Inside Haryana's gender sensitisation programme for bus conductors

Till date, 6,000 drivers and conductors have been trained across 15 districts of Haryana. The remaining seven districts will be covered by November-end
A casual Google search on the “number of  sexual assault cases” in Delhi-NCR throws up results that shock as well as enrage. Last week, the Delhi government announced it had installed over 200,000 streetlights across the dark corners of the city to make it safe for women to travel. Meanwhile, a private radio broadcaster ran a month-long initiative where the radio hosts discussed, argued and sought suggestions from Delhiites as well as those in power on how to make Delhi safe for women. 

All these initiatives will remain on paper until women feel “safe” to venture out of their homes. A recent assessment undertaken by the Chief Minister’s Good Governance Associates (CMGGA) Programme in Jhajjhar and Rohtak districts of Haryana found that women, especially young girls, do not feel safe while travelling in public transport. Project Jaagriti, initiated in 2016 under the CMGGA programme, had till now been working in collaboration with the Haryana government and Ashoka University to provide transparency, accountability and efficient service-delivery in the state. However, their latest offering is to develop a gender-sensitisation programme, especially for the bus drivers and conductors of Haryana Roadways. 

“Safe Gaadi, a programme of gender-sensitisation training, was launched by the government of Haryana. This is the first time that the government has let their staff from the Haryana Roadways be a part of such training,” says Itika Gupta, programme manager, CMGGA. It was during one assessment under the CMGGA programme that the associate zeroed down on dark streets in certain areas of Haryana. “The first logical step was to install street lights and ensure all the areas were well lit,” she said.

Then came the task of safer public transport system. “This was going to be possible by creating socially responsible drivers and conductors. So, we trained participants on understanding gender issues and sexual harassment laws, as well as enhanced communication skills and how to manage situations which occur on the bus,” said Gupta. The programme that was launched in June this year aims to cover all the bus depots in the state. 

“Till date, 6,000 drivers and conductors have been trained across 15 districts of Haryana. The remaining seven districts will be covered by November-end,” she adds. The training provided by Manas Foundation includes two trainers who run the sessions thrice a day, over two hours.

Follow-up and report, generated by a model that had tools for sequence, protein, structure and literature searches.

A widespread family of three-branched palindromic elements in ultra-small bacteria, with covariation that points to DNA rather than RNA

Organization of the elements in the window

While the programme aims to sensitise over 10,000 drivers by November end, it hasn’t been an easy ride. “There have been logistical challenges especially to ensure that drivers and conductors are able to take time out to undergo the training without disrupting the day-to-day operations of bus services. Depot managers have been instrumental in managing the schedule so that as many drivers and conductors as possible can be trained. There have also been challenges for the trainers when discussing the personal content during these sessions. Most drivers and conductors have taken the sessions very well and engaged positively, but trainers do face difficulties in engaging all the participants,” Gupta says. 

“Such gender-sensitisation training is imperative to address safety of women in public spaces. It will encourage officials to pay attention to issues women and girls face on a daily basis when using public transportation and how to address these issues. It will raise awareness amongst bus drivers on how to address a sexual harassment incident when it occurs on a bus, how to believe victims and take the necessary steps to ensure that these spaces are safe for all women and girls. Hopefully, it will also set a tone of zero tolerance towards sexual harassment in public transportation and encourage women to report such incidents because appropriate action is being taken to address it,” says Dr Shruti Kapoor, founder, Sayfty — an organisation that educates and empowers women and girls against gender-based violence. According to Kapoor, the training must also focus on how to raise awareness amongst bystanders on what to do in case someone is harassed in public spaces.

While the funding for “Safe Gaadi” is being provided by Indian Oil, the programme coordinators are hopeful the positive response will help them expand it to the auto drivers in the state as well. “We want to ensure that when a woman or a girl is in distress, immediate assistance is provided to them,” concludes Gupta.

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